Any escalation of tensions between the two countries will result in higher costs for US agricultural products to enter in China, and a significant reduction of its market share, which will help  competitors, said Han.

"Once other countries have become reliable suppliers of agricultural goods for China, it will be very difficult for US agricultural producers to regain the Chinese market," he said.

Han noted that additional tariffs will cause a great decrease in China's imports of soybeans from the US, the most important product of China-US agriculture trade. But China is fully prepared for this and is capable of bridging the gap in reduced supply from the US through various measures.

These include increasing imports from other countries, promoting alternatives to animal feeds made of soybeans among the poultry and husbandry industries to reduce consumption, and increasing domestic production.

China relies on import for most of its soybeans, with the US the second largest source. Nearly 60 percent of all soybean exports from the US between 2015 and 2017 went to China.

Experts have already predicted that China could reduce imports by more than 10 million metric tons this year — a reduction of more than 10 percent on last year's total — because of expanding domestic production and the promotion of soybean substitutes. Han said China may increase soybean imports from countries such as Brazil to meet its increasing demand.

Han also mentioned that China and the US had some fruitful negotiations in agricultural trade in June, during which the two sides reached initial agreements that should China increase its import of US agricultural products by a big margin. However, since then the US side had unilaterally provoked conflicts, so the outcome of the negotiations have become invalid.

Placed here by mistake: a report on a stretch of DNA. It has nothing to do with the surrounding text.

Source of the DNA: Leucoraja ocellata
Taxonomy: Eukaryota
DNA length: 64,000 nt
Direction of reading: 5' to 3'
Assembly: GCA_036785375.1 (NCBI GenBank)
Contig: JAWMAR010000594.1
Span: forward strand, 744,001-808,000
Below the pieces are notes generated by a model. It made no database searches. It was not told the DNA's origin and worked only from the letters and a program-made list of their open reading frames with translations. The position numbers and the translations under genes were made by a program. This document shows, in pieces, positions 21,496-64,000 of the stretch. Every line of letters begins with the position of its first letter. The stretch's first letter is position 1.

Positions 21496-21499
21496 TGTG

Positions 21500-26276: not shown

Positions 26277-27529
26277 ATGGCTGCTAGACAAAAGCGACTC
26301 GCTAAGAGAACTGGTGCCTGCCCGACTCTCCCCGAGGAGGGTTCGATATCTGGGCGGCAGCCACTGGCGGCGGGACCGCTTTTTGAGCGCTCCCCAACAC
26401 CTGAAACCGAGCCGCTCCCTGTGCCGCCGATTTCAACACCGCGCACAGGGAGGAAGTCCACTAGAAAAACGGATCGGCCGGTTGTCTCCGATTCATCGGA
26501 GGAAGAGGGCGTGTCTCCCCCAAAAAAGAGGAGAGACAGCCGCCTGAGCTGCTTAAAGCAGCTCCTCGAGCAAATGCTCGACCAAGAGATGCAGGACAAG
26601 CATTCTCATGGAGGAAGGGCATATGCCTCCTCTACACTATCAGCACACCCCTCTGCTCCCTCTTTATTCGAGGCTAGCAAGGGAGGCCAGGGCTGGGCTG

Due to China's countermeasures, Han said, US agriculture will suffer, and US farmers risk losing the Chinese market which they have been exploring for decades, despite the subsidy plan of up to $12 billion offered by US government.

Despite of the agreement by the EU to import more soybeans from the US, it is estimated that over the next 10 years, the EU could only import between 13 and 14 million metric tons of soybeans every year, compared to more than 30 million metric tons imported from the US by China last year, so it would be impossible for the US to handle that surplus, Han warned.

"Peoples of all walks of life in US agriculture have expressed worries over losing the Chinese market," he said.

The additional tariff measures imposed by the US on July 6 did not include agricultural products imported from China, Han said, but most aquatic products, fruits and vegetables exported to the US will be covered by second round of tariff measures likely to be imposed by the US, affecting around $200 billion-worth of Chinese goods.

Such a measure may have a negative impact on production and export of agricultural products, but Han said the Chinese government will take measures to minimize the impact, such as helping producers finding alternative export destinations and exploring the domestic market.